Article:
Canadian auto parts stocks a cheap play on improving global supply chain

Canadian auto parts stocks a cheap play on improving global supply chain

You generally want to steer clear of the auto sector when recessionary forces are approaching. This may be the time to break that rule.

Signs of recovery have permeated the industry over the past month as supply chain constraints and shipping bottlenecks have eased up and the global chip shortage has improved.

Auto production is on the rise globally, corporate earnings trends are generally improving across the sector, and the Canadian parts manufacturers, like Magna International Inc. MG-T -1.03%decrease, are seeing their stocks in the early stages of a comeback.

General Motors Co. GM-N even reinstated its dividend this week after a two-year suspension.

The only hitch is that pesky global recession, which is very much a possibility over the next year, according to economic consensus.

Fear not, say some auto sector analysts. Even if demand for new vehicles falters, there will still be an acute need to restock inventories, which remain at historic lows as a result of the supply chain crisis.

“This uniquely positions the auto suppliers and insulates them from a weakening economy,” CIBC World Markets analyst Krista Friesen said in a recent report.

That’s a novel set-up for a sector as attuned to the cycles of the economy as this one. But in this puzzling economic moment, all kinds of well-worn patterns and relationships are falling away.

Clear signs of slowing growth and tightening financial conditions, for example, are contrasting with a booming jobs market, which is helping sustain a hearty appetite for new and used vehicles.

Household finances in North America are, on average, still being propped by a vast amount of excess savings built up over the COVID-19 pandemic. Consumers emerged from lockdown flush with cash and ready to spend.

The auto sector has been unable to fully capitalize on that booming demand. A crippling shortage of semiconductors used in a range of components and sensors meant that automakers had to slash production and make factories idle.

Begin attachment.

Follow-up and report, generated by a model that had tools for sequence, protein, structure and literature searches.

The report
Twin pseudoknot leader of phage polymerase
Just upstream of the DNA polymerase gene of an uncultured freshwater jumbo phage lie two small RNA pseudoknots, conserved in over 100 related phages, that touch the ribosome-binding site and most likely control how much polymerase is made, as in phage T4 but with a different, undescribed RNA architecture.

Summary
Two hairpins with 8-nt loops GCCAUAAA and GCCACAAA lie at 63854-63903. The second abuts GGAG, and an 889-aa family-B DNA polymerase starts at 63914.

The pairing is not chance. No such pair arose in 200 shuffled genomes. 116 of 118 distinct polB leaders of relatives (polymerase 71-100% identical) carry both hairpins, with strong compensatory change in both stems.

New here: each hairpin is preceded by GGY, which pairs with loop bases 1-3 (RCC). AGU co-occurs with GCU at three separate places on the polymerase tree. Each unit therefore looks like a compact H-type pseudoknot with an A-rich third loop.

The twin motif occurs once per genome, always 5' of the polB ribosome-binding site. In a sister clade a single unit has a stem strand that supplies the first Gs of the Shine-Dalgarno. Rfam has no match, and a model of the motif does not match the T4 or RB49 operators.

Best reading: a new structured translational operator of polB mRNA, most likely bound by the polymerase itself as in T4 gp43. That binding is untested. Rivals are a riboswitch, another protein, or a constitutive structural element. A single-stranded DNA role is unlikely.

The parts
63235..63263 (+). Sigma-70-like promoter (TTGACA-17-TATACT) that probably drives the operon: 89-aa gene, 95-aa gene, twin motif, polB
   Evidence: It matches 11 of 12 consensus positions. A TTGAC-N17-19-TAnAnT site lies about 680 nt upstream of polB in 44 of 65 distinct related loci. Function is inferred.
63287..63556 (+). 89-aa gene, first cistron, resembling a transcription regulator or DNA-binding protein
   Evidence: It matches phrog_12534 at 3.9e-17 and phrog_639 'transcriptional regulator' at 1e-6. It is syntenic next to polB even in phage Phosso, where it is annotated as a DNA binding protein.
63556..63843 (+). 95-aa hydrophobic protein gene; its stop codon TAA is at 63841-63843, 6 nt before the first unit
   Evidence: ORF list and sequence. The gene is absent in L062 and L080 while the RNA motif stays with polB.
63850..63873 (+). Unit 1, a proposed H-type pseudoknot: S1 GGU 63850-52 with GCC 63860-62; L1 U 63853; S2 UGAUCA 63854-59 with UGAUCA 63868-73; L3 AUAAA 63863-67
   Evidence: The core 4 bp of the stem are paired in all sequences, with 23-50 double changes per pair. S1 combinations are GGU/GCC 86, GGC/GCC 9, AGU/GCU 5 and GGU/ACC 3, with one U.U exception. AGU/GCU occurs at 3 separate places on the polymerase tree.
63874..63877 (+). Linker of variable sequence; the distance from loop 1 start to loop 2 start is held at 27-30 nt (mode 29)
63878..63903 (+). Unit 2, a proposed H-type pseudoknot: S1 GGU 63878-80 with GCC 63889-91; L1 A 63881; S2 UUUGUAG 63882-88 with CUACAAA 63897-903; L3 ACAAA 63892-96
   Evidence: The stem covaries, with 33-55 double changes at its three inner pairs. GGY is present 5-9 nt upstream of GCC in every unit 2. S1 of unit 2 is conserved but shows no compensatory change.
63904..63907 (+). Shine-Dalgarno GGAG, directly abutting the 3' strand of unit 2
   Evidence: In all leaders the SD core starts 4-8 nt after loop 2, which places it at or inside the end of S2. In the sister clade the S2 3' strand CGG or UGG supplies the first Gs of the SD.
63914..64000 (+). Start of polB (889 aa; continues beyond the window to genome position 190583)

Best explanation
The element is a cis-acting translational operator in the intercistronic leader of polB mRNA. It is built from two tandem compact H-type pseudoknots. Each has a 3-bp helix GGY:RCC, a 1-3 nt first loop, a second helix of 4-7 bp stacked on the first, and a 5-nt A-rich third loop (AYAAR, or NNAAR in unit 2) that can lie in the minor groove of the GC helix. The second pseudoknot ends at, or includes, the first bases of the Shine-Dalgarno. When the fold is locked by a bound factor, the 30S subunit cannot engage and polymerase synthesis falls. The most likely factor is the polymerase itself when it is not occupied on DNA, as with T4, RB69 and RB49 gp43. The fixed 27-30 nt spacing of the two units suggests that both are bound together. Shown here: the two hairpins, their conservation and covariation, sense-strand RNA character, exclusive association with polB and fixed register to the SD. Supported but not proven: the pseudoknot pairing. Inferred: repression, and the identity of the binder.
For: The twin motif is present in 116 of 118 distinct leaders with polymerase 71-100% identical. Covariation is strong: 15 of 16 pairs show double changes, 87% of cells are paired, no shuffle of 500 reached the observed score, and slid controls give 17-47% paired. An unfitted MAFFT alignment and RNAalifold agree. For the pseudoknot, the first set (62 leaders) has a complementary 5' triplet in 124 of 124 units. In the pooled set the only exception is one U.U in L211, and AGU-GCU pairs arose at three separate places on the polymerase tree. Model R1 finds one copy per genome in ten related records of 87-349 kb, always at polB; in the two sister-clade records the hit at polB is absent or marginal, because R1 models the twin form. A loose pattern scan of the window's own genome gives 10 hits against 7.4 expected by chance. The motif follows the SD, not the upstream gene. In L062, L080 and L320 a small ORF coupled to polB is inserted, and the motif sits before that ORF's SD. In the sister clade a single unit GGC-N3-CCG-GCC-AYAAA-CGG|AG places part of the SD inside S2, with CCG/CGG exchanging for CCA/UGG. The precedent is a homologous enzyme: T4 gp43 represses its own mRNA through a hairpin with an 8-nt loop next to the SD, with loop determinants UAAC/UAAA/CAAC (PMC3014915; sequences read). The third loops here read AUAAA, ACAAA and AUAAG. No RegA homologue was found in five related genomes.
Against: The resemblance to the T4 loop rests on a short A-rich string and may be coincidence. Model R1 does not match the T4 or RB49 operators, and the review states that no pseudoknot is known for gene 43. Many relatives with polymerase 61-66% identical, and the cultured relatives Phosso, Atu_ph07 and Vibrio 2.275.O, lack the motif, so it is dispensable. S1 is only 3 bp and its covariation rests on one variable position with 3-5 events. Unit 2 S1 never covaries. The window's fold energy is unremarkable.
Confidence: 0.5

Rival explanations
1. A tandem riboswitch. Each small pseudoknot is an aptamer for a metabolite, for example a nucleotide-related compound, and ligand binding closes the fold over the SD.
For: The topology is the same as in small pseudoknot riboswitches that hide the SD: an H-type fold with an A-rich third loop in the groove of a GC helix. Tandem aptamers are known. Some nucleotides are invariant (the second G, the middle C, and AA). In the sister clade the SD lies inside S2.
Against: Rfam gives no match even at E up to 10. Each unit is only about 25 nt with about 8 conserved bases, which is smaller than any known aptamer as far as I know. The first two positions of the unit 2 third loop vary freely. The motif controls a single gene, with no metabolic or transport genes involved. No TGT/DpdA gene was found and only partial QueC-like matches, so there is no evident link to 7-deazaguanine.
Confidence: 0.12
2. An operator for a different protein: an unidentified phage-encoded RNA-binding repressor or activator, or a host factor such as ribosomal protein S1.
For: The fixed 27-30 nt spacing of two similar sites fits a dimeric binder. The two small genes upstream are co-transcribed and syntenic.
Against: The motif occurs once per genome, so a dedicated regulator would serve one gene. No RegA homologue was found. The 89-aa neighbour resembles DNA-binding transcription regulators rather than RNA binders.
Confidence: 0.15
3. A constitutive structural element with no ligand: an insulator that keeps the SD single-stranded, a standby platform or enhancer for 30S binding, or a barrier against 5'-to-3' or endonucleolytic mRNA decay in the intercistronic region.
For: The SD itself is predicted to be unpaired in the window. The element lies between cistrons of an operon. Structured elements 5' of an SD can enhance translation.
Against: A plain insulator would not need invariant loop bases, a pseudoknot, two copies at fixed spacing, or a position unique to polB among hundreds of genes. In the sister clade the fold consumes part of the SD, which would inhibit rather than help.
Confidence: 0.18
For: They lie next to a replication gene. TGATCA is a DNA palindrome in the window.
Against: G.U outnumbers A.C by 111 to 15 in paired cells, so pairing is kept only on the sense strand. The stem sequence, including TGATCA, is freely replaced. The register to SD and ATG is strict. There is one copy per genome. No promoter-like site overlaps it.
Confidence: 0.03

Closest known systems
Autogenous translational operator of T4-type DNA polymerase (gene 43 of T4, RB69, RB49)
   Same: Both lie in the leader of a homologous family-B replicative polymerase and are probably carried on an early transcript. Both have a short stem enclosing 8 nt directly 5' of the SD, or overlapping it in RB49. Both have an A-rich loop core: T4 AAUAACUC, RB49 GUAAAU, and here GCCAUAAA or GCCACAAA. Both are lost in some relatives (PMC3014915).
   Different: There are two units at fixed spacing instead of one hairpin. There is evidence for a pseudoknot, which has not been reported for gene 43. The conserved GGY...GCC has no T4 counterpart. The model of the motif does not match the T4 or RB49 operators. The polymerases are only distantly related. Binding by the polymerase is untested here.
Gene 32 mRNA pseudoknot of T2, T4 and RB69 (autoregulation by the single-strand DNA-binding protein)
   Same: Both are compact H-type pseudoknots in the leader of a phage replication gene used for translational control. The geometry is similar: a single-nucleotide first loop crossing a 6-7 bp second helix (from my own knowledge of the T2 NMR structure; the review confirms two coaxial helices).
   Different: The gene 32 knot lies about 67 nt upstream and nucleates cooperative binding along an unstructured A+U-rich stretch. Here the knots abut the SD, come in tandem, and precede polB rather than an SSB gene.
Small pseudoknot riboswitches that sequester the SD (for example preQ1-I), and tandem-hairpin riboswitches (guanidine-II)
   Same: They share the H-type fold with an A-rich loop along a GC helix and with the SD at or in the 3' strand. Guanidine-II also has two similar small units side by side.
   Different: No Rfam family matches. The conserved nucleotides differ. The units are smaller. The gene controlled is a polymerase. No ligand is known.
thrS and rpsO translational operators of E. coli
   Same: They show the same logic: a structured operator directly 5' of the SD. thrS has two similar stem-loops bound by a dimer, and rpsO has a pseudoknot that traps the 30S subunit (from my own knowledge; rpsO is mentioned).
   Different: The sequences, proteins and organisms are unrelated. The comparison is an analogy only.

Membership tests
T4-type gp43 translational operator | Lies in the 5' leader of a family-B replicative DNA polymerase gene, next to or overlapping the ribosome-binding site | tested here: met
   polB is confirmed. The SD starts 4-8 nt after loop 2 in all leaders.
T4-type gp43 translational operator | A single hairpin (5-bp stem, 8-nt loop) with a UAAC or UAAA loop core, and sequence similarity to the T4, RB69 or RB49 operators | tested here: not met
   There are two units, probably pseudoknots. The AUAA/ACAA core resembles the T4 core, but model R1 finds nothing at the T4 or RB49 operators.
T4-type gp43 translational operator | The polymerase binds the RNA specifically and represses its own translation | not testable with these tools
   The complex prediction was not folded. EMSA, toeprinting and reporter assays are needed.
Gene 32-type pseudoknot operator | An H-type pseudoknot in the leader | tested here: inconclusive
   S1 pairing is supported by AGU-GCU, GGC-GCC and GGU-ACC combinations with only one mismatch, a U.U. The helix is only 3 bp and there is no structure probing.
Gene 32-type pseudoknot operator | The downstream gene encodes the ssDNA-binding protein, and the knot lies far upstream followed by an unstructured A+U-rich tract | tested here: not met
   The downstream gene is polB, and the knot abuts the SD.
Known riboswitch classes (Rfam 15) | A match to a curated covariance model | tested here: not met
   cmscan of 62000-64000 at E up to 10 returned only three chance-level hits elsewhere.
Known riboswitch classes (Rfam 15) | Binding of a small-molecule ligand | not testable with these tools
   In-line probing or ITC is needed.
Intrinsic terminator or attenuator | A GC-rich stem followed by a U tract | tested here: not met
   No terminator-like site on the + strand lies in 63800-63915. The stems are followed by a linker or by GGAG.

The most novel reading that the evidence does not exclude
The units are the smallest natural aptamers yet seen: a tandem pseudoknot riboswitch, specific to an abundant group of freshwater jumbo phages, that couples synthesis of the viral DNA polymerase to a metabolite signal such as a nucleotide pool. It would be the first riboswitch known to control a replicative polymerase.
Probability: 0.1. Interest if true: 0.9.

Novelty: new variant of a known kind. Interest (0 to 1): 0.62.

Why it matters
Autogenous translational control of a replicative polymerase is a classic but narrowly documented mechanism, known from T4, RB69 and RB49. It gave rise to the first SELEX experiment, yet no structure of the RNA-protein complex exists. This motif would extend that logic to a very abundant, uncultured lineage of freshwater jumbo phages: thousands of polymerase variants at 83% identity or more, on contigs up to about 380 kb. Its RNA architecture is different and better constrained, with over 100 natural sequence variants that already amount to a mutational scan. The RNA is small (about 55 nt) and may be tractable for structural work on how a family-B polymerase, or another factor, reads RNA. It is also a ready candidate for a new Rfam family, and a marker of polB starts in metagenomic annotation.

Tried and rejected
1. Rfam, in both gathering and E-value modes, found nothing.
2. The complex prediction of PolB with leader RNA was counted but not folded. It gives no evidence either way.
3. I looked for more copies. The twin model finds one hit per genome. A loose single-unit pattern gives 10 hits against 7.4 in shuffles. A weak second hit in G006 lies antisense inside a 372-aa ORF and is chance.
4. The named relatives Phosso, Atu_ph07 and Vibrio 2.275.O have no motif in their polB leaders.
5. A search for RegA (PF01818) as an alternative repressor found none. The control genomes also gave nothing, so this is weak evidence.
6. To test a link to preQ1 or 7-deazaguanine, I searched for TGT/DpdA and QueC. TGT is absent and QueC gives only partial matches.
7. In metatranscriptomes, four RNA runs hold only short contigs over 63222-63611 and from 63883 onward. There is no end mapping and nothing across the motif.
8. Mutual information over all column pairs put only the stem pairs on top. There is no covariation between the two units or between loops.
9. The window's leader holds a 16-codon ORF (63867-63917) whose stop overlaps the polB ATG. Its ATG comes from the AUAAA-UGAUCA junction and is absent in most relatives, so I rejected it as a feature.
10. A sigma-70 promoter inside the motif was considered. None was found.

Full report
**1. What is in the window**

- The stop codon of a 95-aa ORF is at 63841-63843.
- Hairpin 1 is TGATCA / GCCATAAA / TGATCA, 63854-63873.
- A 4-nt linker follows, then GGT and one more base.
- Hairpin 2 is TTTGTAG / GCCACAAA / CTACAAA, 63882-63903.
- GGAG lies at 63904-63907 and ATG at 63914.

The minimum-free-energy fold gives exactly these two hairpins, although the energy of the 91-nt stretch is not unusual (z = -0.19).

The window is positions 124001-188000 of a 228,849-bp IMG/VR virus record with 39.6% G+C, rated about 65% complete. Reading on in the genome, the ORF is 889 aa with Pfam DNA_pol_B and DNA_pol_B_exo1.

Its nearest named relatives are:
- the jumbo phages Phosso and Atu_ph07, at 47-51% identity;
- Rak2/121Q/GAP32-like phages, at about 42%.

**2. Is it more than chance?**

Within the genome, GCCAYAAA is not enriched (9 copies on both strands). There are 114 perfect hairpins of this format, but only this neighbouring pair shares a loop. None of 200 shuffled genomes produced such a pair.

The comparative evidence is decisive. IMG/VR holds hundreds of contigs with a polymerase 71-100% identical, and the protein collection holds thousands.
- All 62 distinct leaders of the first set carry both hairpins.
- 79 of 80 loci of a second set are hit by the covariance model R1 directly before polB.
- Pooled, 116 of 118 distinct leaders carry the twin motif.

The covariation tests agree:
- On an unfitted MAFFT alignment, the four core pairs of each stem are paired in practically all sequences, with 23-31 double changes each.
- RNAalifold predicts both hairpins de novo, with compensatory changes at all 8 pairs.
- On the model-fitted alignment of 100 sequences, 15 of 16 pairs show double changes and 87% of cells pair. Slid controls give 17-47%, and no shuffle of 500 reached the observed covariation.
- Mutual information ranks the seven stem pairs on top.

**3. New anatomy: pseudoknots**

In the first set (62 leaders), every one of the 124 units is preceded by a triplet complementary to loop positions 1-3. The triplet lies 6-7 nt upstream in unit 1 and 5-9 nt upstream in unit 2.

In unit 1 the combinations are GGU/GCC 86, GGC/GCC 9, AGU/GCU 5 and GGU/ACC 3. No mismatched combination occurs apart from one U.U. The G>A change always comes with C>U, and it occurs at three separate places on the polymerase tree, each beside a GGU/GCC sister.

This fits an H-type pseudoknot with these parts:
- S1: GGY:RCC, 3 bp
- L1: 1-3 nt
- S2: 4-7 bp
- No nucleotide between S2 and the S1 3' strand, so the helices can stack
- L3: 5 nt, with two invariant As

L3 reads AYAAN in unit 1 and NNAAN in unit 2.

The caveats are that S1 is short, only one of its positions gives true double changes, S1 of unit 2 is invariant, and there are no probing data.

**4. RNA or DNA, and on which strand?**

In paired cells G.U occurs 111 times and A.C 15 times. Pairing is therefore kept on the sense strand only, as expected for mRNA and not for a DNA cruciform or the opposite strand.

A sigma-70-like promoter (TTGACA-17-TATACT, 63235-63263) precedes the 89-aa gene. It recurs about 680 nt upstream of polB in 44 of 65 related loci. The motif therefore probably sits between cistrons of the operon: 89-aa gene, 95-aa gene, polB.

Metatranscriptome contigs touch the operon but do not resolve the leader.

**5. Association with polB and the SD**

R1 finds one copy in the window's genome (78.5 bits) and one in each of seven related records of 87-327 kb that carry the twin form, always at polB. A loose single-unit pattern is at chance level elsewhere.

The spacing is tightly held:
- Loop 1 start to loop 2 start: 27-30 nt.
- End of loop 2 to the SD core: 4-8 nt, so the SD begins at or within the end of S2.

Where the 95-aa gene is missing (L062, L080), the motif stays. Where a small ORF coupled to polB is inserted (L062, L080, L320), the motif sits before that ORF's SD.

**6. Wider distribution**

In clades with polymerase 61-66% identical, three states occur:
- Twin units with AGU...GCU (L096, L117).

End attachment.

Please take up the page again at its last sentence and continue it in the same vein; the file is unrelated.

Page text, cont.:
Buyers have faced long delays in receiving new vehicles as dealership lots have emptied out. All sorts of parts became more expensive and tougher to source. “The chip shortage is a perfect example of how just-in-time inventory and single-source supplying became a problem,” said Jason Mann, chief investment officer at Toronto-based EdgeHill Partners. “One component goes down and the whole chain falls apart.”

But the signs of an improving supply backdrop are now starting to pile up. Shipping costs have topped out and the logjam of ships in U.S. harbours seems to have peaked. Indexes measuring global supply chain pressures have fallen by 50 per cent or more. And the auto industry is tracking toward an increase in production of nearly 20 per cent in the second half of this year over the first half.

Crucially, there are no signs that consumers are starting to cut back on spending on new cars.

“While there are growing concerns around a recession, the impact of rising rates and weakening consumer confidence, demand for new vehicles continues to outpace supply,” Ms. Friesen wrote.

As a result, the market has started to reprice the auto sector. Magna’s shares have gained 17 per cent over the past six weeks. Its smaller Canadian competitors in the parts space, Linamar Corp. LNR-T -0.27%decrease and Martinrea International Inc. MRE-T +0.09%increase, have risen by 23 per cent and 42 per cent, respectively, over the same period.

Meanwhile, Edmonton-based auto dealership group AutoCanada Inc. ACQ-T -0.98%decrease has seen its stock advance by 14 per cent since early July, and collision repair chain Boyd Group Services Inc. BYD-T -0.97%decrease by 31 per cent.

That’s a welcome reversal from the sector’s year-long selloff, in which every name in the group lost at least 40 per cent from its peak. That all-consuming slide now has the Canadian auto suppliers trading below their 10-year averages, Ms. Friesen said. Her top picks in the space are Magna, Linamar and AutoCanada.

The major hit to demand that investors have feared could still materialize, particularly if North American unemployment starts to rise meaningfully.

But even if that happens, these stocks will have the support of low valuations as well as depleted inventories across the entire industry, Ms. Friesen said.

“There will still be a need to replenish inventory levels, which we estimate could take until at least 2024.”






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